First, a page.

Cybersecurity

DHS official: New scanning authority will help nip next Heartbleed in the bud

sphere of binary data

The Department of Homeland Security’s newly enhanced authority to scan agency networks for serious computer viruses could significantly reduce the time it takes the government to nip the next Heartbleed in the bud, a senior DHS official said Oct. 7.                     

The new authority, which the Office of Management and Budget announced Oct. 3, “reduces that vulnerable window where departments and agencies may not know that a vulnerability exists in their environment and we can provide that content … so they can fix it more quickly,” said Roberta "Bobbie" Stempfley, deputy assistant secretary for cybersecurity and communications at DHS’s National Protection and Programs Directorate.

Before last week's OMB guidance, DHS needed permission from a federal agency before it could scan that agency’s networks for vulnerabilities, a process officials have described as a tedious delay to the government’s response to cyber threats. Deputy Undersecretary Phyllis Schneck, Stempfley’s colleague at NPPD, recently said this legal wrangling caused about a week of lag time between the emergence of the Heartbleed OpenSSL vulnerability and DHS’s scanning of agency networks for the bug.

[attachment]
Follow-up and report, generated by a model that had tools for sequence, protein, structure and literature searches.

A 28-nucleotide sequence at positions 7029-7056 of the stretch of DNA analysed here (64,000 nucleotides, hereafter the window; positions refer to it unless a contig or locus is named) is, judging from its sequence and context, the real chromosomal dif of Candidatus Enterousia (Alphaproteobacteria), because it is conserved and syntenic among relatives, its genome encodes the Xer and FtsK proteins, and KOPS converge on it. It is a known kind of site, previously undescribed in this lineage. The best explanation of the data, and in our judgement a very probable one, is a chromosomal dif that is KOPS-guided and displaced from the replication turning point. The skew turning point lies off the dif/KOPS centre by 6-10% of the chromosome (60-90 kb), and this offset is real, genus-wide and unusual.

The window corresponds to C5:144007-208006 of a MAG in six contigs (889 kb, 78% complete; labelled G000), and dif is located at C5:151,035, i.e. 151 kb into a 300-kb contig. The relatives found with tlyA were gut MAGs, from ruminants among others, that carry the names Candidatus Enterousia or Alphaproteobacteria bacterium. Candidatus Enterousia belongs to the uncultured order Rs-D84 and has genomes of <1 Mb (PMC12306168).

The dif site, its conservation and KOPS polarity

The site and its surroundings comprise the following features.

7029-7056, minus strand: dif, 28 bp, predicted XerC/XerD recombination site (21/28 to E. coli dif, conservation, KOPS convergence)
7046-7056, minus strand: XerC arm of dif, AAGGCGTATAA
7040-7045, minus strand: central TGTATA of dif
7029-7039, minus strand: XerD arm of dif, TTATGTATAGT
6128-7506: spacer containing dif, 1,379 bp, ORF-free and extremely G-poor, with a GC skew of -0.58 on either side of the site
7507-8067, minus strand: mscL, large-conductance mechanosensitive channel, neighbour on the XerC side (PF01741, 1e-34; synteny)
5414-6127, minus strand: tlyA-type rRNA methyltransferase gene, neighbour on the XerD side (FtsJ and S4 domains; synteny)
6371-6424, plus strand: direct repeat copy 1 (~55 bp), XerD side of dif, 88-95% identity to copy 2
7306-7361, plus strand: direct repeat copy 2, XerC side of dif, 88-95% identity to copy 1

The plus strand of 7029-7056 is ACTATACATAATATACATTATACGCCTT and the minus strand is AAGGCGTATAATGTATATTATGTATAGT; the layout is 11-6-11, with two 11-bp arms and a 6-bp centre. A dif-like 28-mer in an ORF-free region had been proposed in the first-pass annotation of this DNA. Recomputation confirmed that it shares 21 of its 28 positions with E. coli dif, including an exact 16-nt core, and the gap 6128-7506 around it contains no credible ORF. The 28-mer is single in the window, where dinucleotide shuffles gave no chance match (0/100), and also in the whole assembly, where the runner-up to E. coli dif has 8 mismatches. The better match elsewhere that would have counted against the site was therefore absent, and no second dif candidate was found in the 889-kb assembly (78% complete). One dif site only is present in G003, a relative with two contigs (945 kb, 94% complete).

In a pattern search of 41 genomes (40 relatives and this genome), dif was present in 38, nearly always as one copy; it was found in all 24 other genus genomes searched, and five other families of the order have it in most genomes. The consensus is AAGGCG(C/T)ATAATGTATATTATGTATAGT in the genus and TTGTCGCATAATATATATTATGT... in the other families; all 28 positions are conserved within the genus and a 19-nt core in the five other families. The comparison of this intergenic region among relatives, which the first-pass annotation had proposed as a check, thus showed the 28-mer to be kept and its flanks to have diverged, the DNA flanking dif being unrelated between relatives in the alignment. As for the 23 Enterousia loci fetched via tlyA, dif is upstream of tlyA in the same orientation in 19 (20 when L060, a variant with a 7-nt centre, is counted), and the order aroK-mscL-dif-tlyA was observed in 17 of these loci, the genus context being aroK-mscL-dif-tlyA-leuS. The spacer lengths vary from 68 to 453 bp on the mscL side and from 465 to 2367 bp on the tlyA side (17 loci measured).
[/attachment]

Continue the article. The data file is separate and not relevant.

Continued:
That cumbersome process, which Stempfley said was "not an operationally responsive model," is no more. And it apparently was not that hard to abolish. DHS worked with OMB and the Federal CIO Council on the new guidance, "and we found that to be a very easy thing to change," said Stempfley, who was speaking at a conference hosted by the National Defense Industrial Association.

About the Author

Sean Lyngaas is a former FCW staff writer.

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